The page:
Ratko Mladic is one of the world’s most wanted men. Monocle meets those trying to arrest the Bosnian Serb general so the UN can try him for war crimes and genocide. We also look at the damage his fugitive status is doing to Serbia’s chances of joining the EU.
Even in his dreams Vladimir Vukcevic cannot forget Ratko Mladic. The Serbian war crimes prosecutor sees the former Bosnian Serb commander standing in a Yugoslav Army base. The imagined Mladic is taller and younger than the real one. But his freedom taunts Vukcevic in his dream, just as it does in his waking life.
The prosecutor has been coordinating the hunt in Serbia for Mladic since 2006. It is his job to ensure that Mladic is arrested and sent to the International Criminal Tribunal for the former Yugoslavia (ICTY) in The Hague, where he is charged with war crimes, crimes against humanity and genocide.
A psychologist would doubtless interpret Mladic’s tall and youthful dream figure as symbolising a more difficult adversary than Vukcevic had expected. “I thought this job would be finished in three or four years, but I was wrong,” he says. Grey-haired, neatly barbered with a trim beard and moustache, even at 60, Vukcevic retains a youthful vigour.
Mladic is accused of the worst atrocity in Europe since 1945. In the days after the Bosnian Serb army captured Srebrenica in July 1995, soldiers under his command massacred up to 8,000 Bosnian Muslim men and boys. The eastern Bosnian town was a UN-declared “Safe Area”, with a garrison of Dutch peacekeepers. They failed to stop the enclave being overrun, failed to protect the male civilians and even forced out those who had taken refuge inside their base.
“We made a psychological profile of Mladic. He is a soldier and not prone to corruption. He took care of his men and in that respect he was a positive person,” says Vukcevic. “But his behaviour after the capture of Srebrenica was pathological. When you see how he treated the other side, saying that the Serbs have conquered the Turks and can take revenge on the Balija [a derogatory term for Bosnian Muslims], I think that was a direct incitement to a massacre and we know the massacre happened just after. Mladic was convincing the women and children that nothing was going to happen to them, and was giving out chocolates to the children, throwing them, as if to the dogs. There is footage of him patting the head of a frightened boy of 12 or 13. He was also killed.”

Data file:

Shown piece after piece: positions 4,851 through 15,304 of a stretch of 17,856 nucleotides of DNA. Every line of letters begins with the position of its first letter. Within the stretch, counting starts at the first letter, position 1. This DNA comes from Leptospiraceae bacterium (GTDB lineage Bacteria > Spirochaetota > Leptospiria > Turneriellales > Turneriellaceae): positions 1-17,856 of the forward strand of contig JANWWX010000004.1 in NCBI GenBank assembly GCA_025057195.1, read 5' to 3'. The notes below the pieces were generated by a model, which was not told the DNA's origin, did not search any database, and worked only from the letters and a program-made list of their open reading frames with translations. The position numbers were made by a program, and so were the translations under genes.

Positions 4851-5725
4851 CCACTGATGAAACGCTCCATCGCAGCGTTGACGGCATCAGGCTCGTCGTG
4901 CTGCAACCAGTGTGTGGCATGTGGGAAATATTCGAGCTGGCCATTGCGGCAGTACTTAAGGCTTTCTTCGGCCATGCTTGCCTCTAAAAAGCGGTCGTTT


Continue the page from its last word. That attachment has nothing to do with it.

In May, Mladic’s family asked a Belgrade court to declare that he was dead, and so bring closure. The request was denied. Senior European officials have told monocle that the working assumption is Mladic is alive and is probably in Serbia or its border regions. Three separate agencies are working on the search: the Serbian intelligence service (BIA), the country’s military intelligence and the police. Western intelligence agencies are also helping. Vukcevic won’t say which ones, but the CIA and Britain’s MI6 seem to be the lead candidates.
After the arrest of former Bosnian Serb president Radovan Karadzic in Belgrade in July 2008, many expected Mladic to be apprehended, along with Goran Hadzic, a former political leader of the Serbs in Croatia, who is also on the run. Karadzic had grown a beard, and was working, bizarrely, as an alternative healer. But as a military man Mladic understands secrecy, coded communications and other covert skills needed for a life as a fugitive.